Make sure the pads and wire are pre-soldered. This is the most time consuming part of the project, but it is very important that you do not rush and double check the correct lines!
Step 5: Pin all the strands
Finally, if you used the power and input wires that were attached to your filament, you may find that the constant movement around the board has released the first filament. I decided to drill two small holes and pass through a white cable tie to secure this part. If you are having trouble getting a strong glue, you may want to consider this to secure all threads at both ends.
Step 6 Check Wiring
The wiring diagram is simple: pin 6 on the Arduino is used as a signal pin to drive the LEDs; while the 5V power to the LEDs must come directly from an external power supply. Connect a common ground wire between the core, your Arduino, and the power supply. Do not attempt to connect power directly from your Arduino or connect a 5V power supply directly to the Arduino when USB is connected (as it would be for loading test code).
Download and add the Adafruit NeoPixel library to your Arduino libraries folder, then start Arduino. Perform an initial circuit test using the sample circuit test code included in the library. Adjust the number of LEDs you have in the first parameter of the next line (change the number 60 to that many):
Adafruit_NeoPixel strip = Adafruit_NeoPixel(60, PIN, NEO_GRB + NEO_KHZ800);
If the animation stops at a certain line, turn it off immediately and check the wiring. You either got a strand in the wrong direction; wires intersect; or you have accidentally soldered +5V to GND.
Step 7: Frame
Since I’m using a deeper notch than the frame will allow, I first used a hot glue gun to glue the glass to the frame. I then added a few short pieces of rubber wrap around the outer edge of the frame to create the necessary depth before putting the LEDs back in. After a final check of the LEDs, I again used the hot glue gun to secure everything in place.
You can also cut a small notch in the corner of the frame to accommodate a thicker cable.
That’s about it in terms of building a real display, although you’ll probably want to hide the power supply and Arduino in the project box. The rest depends on the software.
UPDATE: Unfortunately, the site hosting the Glediator software has been down for a while. If you know where to find a copy of the PC firmware and software, please let us know in the comments so we can update this guide.
For parties or use in a professional club setting, SolderLab.de’s Glediator is the king of LED matrix control capable of driving up to 512 WS2812/NeoPixels at 24 fps. It lets you create live or pre-recorded LED animation mixes, and can even add GIFs (yes, I’m looking at you, Nyan Cat); and just like the DJ software, it includes a fader for smooth fading between animations.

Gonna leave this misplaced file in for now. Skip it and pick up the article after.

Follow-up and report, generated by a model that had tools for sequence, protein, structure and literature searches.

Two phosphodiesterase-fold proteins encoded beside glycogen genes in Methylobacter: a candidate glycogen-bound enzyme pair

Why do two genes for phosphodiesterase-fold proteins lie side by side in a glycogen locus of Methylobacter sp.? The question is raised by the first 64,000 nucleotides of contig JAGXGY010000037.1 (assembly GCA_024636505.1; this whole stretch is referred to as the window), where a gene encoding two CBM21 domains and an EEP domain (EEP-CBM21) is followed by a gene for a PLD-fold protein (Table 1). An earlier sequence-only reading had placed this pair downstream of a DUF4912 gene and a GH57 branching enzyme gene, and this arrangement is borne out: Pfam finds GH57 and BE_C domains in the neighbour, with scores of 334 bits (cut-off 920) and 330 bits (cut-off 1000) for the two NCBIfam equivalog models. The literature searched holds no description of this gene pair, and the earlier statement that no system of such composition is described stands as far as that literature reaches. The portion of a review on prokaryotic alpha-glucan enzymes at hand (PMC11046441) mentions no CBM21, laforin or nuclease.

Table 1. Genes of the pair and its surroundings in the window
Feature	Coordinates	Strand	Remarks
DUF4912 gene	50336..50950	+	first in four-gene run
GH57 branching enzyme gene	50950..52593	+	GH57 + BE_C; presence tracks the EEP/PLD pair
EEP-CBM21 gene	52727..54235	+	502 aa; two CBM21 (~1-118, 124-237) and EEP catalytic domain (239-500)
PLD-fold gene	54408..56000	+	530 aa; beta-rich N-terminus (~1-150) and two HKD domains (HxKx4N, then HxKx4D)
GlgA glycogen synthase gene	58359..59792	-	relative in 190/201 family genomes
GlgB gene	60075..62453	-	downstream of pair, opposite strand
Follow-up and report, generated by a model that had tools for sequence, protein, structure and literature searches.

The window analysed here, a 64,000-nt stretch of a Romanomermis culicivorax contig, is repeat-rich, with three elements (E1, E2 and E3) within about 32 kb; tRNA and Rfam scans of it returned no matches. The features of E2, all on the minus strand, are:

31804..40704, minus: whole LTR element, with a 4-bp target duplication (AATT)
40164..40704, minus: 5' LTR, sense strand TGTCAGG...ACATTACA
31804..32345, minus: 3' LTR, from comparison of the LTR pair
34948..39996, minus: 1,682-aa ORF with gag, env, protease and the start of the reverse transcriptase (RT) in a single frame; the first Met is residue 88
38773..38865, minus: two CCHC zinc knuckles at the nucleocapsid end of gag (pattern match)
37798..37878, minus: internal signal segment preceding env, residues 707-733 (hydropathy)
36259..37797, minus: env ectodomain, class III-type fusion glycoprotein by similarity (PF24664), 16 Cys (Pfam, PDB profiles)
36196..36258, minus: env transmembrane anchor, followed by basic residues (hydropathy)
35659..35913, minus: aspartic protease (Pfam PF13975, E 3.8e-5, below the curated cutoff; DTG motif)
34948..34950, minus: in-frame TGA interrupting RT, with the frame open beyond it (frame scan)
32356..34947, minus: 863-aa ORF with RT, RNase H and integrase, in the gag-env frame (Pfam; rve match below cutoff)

To get started with the Glediator, upload this firmware to the Arduino UNO and make sure the signal cable is connected to pin 6. Don’t forget to adjust the variable that shows how many LEDs you have.
In running Glediator open options and change matrix size and conclusion . Adjust pixel order, if your layout is different, but unfortunately there is very little documentation for this step, so it’s mostly trial and error. If your output doesn’t match what’s displayed on the screen, try a different option. HS_BL worked for me, which I suspect means «horizontal angle starting from bottom to top».
Glediator is a pro-level app, so while I may talk about it in the future, I’ll leave you to explore the interface and play around for now. Try loading a different animation on the left and right, and then move the fader between them; or you’ll find a pre-made sequence playlist on the far right, shown in the demo video above.
Adafruit NeoMatrix and GFX Library
Adafruit has released an amazingly useful library for working with these pixel matrices. The first is called the Adafruit GFX library, originally designed to work with TFTs and LCDs; the NeoMatrix library is a modification that makes all functions work with NeoPixel LED matrices. Once your matrix is defined, this opens up a huge range of easy-to-use functions, such as outputting text or displaying a bitmap sprite.